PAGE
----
PORT ANGELES — Clallam Transit will purchase seven large coach buses with new grant funding, it was announced Wednesday.
General Manager Kevin Gallacci told the Transit board that the agency received $2.6 million to purchase the heavy duty replacement buses, part of a $6.7 million influx of state and federal consolidated grant program funding over the next four years.
“This is going to really boost Clallam Transit’s ability to sustain our fleet and our reliability until we can get into our next adventure,” Gallacci said.
“The next step, more than likely, is going to be electric.”
In addition to the new diesel coaches, the state Department of Transportation announced in an April 25 letter that Clallam Transit had received $1.6 million for paratransit operating assistance, $378,825 for expanded rural and tribal access on the No. 16 route to Neah Bay and $237,735 for Strait Shot operating assistance in the 2019-21 biennium.
Clallam Transit also is projected to receive $1.8 million in paratransit operating assistance in the 2021-2023 biennium.
“This buys us some stability over the next four years,” Gallacci told the Transit board.
“Can it change? Well, if something changed at the federal level, yes it can change. But at this point, this is stability for us.”
Gallacci added that the recently-approved state budget was “very favorable to transit.”
Clallam Transit Finance Manager Dunyele Mason said the agency budgeted to receive grant funding for paratransit and Route 16.
“We did not include the Strait Shot operating [grant],” Mason said.
“We were being conservative. So this is good news and this will help.”
The Strait Shot is Clallam Transit’s 2-year-old twice-daily direct bus service from Port Angeles to the state ferry terminal on Bainbridge Island.
Clallam Transit Maintenance Manager Mike Oliver said the coach replacement grant was a “big relief” for his department, which services buses that have upwards of 750,000 to 800,000 miles.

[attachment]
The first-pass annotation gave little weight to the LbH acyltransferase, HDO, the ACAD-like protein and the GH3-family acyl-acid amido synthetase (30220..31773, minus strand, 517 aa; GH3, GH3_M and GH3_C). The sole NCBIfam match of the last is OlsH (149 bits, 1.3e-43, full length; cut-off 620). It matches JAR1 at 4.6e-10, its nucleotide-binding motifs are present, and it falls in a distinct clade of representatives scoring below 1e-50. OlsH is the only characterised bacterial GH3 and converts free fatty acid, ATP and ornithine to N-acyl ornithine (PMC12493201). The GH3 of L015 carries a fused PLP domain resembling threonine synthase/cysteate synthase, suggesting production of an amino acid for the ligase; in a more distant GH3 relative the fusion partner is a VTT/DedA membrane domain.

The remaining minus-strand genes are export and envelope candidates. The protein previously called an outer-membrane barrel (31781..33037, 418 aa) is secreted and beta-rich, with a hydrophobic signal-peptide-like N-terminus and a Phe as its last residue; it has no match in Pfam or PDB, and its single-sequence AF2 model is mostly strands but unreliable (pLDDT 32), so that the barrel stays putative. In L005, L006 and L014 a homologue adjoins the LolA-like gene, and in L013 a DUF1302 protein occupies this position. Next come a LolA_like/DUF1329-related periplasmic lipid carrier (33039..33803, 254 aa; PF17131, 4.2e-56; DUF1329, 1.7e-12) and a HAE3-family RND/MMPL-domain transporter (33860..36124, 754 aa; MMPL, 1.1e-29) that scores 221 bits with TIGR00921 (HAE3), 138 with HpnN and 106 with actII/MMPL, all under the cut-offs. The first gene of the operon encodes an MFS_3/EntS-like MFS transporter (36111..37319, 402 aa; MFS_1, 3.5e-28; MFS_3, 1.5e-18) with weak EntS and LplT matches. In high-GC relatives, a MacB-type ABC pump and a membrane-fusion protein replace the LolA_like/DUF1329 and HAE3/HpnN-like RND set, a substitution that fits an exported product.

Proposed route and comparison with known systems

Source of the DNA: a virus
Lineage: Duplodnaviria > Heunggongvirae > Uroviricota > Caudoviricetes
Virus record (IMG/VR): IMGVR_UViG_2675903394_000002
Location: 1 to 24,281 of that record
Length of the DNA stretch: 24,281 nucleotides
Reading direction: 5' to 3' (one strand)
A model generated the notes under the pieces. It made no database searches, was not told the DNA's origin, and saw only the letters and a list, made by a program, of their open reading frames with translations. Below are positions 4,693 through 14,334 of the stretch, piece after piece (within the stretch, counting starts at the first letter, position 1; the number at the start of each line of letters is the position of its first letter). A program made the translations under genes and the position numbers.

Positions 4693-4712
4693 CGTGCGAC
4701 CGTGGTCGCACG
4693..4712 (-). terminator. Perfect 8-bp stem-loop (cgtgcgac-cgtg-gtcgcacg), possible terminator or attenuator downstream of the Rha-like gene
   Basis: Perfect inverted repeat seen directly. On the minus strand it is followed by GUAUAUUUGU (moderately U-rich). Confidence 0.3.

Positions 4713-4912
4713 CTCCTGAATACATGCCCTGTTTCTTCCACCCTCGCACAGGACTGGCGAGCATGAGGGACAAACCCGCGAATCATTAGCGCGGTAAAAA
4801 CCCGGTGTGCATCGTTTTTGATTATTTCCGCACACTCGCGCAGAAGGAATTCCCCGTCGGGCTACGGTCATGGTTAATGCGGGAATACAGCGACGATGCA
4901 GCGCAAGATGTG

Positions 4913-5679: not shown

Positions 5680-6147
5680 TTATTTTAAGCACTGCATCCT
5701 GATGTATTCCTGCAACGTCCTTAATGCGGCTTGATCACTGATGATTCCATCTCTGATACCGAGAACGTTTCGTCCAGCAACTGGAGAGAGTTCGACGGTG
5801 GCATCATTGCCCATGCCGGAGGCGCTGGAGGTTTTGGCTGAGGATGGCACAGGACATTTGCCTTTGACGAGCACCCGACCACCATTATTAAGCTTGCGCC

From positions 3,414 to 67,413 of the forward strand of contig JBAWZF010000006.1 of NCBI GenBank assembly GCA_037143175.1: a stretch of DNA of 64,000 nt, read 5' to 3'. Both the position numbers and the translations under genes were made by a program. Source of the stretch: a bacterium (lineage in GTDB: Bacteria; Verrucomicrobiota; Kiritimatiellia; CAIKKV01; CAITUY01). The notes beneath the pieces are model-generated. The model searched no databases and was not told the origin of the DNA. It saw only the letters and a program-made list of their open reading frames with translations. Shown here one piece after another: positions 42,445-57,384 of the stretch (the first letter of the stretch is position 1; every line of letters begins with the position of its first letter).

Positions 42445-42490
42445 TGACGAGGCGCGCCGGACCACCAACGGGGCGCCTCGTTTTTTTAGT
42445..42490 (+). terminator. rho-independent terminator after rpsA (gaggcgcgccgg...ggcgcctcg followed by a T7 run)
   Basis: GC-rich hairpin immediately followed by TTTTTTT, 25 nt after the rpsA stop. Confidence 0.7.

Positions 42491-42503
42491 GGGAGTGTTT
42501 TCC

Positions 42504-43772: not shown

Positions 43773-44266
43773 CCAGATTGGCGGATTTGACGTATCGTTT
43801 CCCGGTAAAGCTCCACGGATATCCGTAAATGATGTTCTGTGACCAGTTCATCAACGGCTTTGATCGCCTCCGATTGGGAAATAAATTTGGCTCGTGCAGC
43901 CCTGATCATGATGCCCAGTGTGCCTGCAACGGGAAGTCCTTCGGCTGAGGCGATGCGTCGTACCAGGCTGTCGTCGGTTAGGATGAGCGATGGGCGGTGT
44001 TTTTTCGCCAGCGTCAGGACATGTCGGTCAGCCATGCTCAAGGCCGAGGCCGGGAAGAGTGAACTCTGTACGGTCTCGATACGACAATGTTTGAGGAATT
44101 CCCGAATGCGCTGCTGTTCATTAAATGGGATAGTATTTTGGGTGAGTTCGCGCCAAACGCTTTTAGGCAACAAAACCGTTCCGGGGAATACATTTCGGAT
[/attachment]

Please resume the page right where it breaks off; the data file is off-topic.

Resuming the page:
“Some of our coaches are long in the tooth, and keeping them on the road and keeping our service going is pretty important,” Oliver told the board.
“But having daylight at the end of the tunnel is very nice. It makes a big difference.”
Oliver said it would likely take 20 months to procure the grant funding, order and inspect the new buses from Gillig, a Livermore, Calif.-based manufacturer, and prepare them for service.
Coaches that are replaced by the new buses will be used as backups or sold to other agencies.
Meanwhile, the Clallam Transit board was provided with a final draft comprehensive plan.
The plan is divided into three sections: principles, policies and strategies.
“The comp plan defines our vision going forward,” said Lindsey Schromen-Wawrin, Clallam Transit board member and a Port Angeles City Council member.
“It’s our plan. It describes a lot of what we already do as an organization, and it also is aspirational.”
The draft is available on the Clallam Transit website, www.clallamtransit.com.
Final approval of the comprehensive plan is expected at the June 19 Clallam Transit board meeting.
In other Transit news, the board voted 5-0 Wednesday to implement a system-wide free service — except for the Strait Shot — during the Clallam County Fair from Aug. 15-17.
Transit Board member and Clallam County Commissioner Randy Johnson abstained, saying his wife serves on the fair board and he wanted to avoid any perception of a conflict of interest.
Clallam Transit also provided free bus service to last year’s fair.
“I think that was a good idea, and I do think whether it got people to the fair or not, it did serve a very good purpose in getting more people on the bus,” said Kate Dexter, Clallam Transit board member and Port Angeles deputy mayor.
“But advertising through the fair certainly doesn’t hurt, either.”
Reporter Rob Ollikainen can be reached at 360-452-2345, ext. 56450, or at [email protected].